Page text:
The Motley Fool Discussion Boards
Investment Analysis Clubs / Macro Economic Trends and Risks
|Subject: Re: Arctic Ice||Date: 2/24/2014 9:51 PM|
|Author: qazulight||Number: 445428 of 473423|
You are not reading Tim or Qaz correctly. They agree with your assessment if you read them carefully. They just dont have the answers so they put the problem aside. It is not their calling. They are admitting that.
Perhaps. It does sound like "Qaz" does not believe the science community, but has chosen to ignore it. I was really addressing the first bit. If he chooses to ignore it, that's certainly his prerogative. I ignore all sorts of science topics because I don't find them interesting, or at least not sufficiently that I want to spend any time on them. For example, the Higgs Boson. I'm aware they have declared they found it. But I'm not really following it closely, and I certainly am not going to dispute the claim they are making. To refuse to believe them would be, in my opinion, foolish because I simply don't have the background or knowledge (despite being a physicist) to make such a claim (without literally years of study and work in the field).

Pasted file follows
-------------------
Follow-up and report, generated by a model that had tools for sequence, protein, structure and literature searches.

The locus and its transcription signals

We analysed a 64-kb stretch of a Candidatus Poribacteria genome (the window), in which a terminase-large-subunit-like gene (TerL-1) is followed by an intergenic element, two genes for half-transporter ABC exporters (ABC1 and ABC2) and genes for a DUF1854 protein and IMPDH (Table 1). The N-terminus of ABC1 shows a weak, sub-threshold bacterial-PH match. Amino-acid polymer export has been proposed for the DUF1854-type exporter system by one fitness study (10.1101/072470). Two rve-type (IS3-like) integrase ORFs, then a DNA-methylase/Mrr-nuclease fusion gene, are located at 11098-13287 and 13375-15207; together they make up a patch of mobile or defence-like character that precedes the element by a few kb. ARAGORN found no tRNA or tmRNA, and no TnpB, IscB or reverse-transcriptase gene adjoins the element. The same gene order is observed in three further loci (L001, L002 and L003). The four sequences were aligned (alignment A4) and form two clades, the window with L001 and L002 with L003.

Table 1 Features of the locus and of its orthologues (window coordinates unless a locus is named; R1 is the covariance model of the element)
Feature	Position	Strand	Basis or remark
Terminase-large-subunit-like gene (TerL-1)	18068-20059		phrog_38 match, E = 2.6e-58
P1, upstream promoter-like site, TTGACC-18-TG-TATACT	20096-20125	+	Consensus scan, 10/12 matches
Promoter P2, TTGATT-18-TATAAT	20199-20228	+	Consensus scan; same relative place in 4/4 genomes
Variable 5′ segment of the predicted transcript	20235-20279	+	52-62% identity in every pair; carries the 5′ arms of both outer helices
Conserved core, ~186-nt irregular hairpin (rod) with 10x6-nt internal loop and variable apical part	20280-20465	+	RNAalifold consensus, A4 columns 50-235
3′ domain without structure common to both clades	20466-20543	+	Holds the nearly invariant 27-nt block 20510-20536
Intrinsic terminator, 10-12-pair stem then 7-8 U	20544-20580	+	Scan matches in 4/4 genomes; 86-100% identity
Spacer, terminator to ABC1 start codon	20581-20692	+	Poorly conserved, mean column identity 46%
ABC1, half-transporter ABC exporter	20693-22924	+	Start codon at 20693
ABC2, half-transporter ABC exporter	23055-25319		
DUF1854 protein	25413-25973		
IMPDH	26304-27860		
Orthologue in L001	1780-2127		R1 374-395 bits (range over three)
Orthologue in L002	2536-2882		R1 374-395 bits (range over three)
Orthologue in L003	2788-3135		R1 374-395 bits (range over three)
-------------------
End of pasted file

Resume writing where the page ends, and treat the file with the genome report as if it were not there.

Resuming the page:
The first statement is the most accurate. The words believe or deny are absolutes. As investor, or a more accurate position in this case, patriarch, I tend to make decisions based on likely outcomes, not on absolutes.